Our prior coverage of LGBTQ grantmaking in American South has often focused on big national funders finally taking notice of this underserved region’s needs and chipping in to spark local efforts. However, it’s often local community foundations that are providing steadier support throughout the year and getting the word out to residents about the LGBTQ services that exist in the area.
A growing number of community foundations manage LGBTQ funds, which are often new, small, and experimental. While the grant amounts coming out of these funds are very modest, they can lead to bigger opportunities for collaborations among nonprofits in the region and even with big-name foundations that occasionally swoop in with deep pockets.
As we’ve often reported, there’s quite a bit of new philanthropic activity in the American South right now to empower vulnerable communities and build stronger networks of grassroots organizations. As part of a push to accelerate efforts at structural change, the National Committee for Responsive Philanthropy and Grantmakers for Southern Progress recently produced a series of five reports entitled “As the South Grows” that draw on over 150 interviews with local leaders. While this research has underscored how much work still needs to be done by funders in this region, we’re constantly running across important grantmaking already way. Such efforts span a range of issues—including worker rights, gender equity, and climate adaptation—but the growth of LGBTQ funding in recent years has been especially notable. Some of this is coordinated through the Out in the South Fund, which is housed at Funders for LGBTQ Issues, and has drawn support from national funders like the Arcus Foundation and regional players like the Community Foundation of Middle Tennessee. A key goal of the fund it to spark more giving in the region for LGBTQ issues.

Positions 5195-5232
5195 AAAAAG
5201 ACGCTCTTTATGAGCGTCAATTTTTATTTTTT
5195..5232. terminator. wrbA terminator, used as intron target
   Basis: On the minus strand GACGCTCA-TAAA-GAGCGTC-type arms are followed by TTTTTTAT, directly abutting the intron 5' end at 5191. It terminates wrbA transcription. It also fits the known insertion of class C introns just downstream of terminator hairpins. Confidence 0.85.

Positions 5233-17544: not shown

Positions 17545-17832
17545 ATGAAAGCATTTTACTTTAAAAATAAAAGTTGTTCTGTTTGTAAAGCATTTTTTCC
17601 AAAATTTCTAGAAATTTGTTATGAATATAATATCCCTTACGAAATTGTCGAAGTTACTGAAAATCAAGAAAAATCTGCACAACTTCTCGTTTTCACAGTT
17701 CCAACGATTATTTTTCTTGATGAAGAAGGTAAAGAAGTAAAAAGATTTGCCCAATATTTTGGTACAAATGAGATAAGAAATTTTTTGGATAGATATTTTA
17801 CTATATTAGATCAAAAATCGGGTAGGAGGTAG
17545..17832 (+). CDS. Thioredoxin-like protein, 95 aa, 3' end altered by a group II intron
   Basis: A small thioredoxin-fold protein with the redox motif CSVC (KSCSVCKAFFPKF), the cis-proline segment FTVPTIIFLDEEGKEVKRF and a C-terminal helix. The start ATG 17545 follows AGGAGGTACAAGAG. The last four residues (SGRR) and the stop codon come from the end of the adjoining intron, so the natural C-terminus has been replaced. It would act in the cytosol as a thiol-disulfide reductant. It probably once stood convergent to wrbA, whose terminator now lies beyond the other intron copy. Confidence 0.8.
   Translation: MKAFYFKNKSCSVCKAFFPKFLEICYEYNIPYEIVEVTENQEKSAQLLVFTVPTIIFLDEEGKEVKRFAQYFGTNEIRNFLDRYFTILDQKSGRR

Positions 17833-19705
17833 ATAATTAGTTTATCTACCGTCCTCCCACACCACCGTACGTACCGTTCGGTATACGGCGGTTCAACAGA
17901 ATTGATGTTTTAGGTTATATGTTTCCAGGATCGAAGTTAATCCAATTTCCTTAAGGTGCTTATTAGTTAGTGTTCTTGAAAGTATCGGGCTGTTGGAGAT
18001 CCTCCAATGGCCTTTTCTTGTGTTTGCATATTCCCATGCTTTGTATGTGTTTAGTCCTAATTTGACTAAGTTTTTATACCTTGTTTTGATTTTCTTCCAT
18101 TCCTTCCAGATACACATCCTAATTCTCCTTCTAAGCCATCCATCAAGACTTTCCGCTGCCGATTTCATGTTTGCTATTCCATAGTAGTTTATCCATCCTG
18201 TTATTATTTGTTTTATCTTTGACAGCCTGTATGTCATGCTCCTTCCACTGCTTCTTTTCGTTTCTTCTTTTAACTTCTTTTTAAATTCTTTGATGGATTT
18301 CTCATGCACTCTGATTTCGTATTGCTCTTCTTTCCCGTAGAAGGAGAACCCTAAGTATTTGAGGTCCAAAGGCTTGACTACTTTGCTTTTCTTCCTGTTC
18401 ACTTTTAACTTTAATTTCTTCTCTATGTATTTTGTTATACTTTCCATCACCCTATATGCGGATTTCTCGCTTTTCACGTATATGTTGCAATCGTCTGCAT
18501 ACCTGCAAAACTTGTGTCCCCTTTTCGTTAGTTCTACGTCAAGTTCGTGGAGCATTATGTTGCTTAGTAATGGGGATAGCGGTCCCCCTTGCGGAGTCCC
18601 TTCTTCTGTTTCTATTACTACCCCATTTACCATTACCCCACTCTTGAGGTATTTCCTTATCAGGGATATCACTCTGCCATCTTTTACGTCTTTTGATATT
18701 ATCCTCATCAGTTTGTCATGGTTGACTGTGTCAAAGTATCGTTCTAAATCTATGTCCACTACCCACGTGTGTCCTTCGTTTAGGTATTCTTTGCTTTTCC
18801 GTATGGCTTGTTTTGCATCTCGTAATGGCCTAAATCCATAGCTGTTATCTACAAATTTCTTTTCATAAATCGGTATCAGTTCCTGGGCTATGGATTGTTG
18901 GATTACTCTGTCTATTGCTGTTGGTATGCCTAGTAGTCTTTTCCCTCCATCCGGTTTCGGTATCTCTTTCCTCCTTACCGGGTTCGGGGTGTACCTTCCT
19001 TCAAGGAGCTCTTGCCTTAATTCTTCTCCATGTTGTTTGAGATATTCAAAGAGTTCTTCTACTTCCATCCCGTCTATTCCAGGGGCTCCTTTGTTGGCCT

One example of new local grantmaking action in this space is the LGBTQ Fund of the Community Foundation of Greater Birmingham, which has been boosted by an Out in the South grant, enabling it to match all donations by 50 percent up to $80,000. This particular fund in Alabama started awarding grants three years ago, and it awarded a record amount this year. Seven nonprofits serving the Alabama counties of Blount, Jefferson, Shelby, St. Clair, and Walker are splitting a new pool of $30,000 to further their efforts in local LGBTQ communities. The most recent batch of grantees includes AIDS Alabama, Alabama Moving Image Association’s SHOUT About Youth Program, the Steel City Men’s Chorus, and Transgender Advocate Knowledgeable Empowering.
What’s interesting about this LGBTQ fund, besides the fact that it’s still pretty new, is the breadth of its grantmaking agenda. For example, the fund looks to provide capacity-building support to strengthen nonprofits that serve LGBTQ people and also to support the provision of services these organizations provide. Meanwhile, it aims to educate the LGBTQ community about key issues, support relevant public policy and social justice issues, and also boost collaboration between LGBTQ groups and other community organizations.
This last focus is a particularly important one because many people view LGBTQ nonprofits as islands, disconnected from other predominantly straight groups and not necessarily as privy to the public/private collaborations that bring in the big money.
Yet as one of the largest cities in the South, Birmingham is a place that other communities look to for guidance and a model to follow. Funds like this require the support of local donors who are willing to take a stand for their beliefs and put their donations dollars towards equity. Coming out in the South still has a certain social stigma, but slowly, it is lessening with awareness, education, and the donations of prominent and respectable community members.
Each of this community foundation’s newest LGBTQ Fund grantees received between $1,000 and $6,800, but fund giving is on the rise and more opportunities are becoming available each year. This fund has been recognized nationally for its efforts and its Out in the South matching grant should help to accelerate the fund’s momentum right now to help create a more inclusive and accepting Alabama.
The Community Foundation of Greater Birmingham’s fund accepts unsolicited grant proposals once per year in the summer. The best opportunities here are with programs that serve communities of color, youth, the elderly, and rural areas. Birmingham’s LGBTQ fund also prioritizes programs that bridge the gap between religious faith and LGBTQ acceptance, as well as programs that serve the local transgender and non-conforming populations.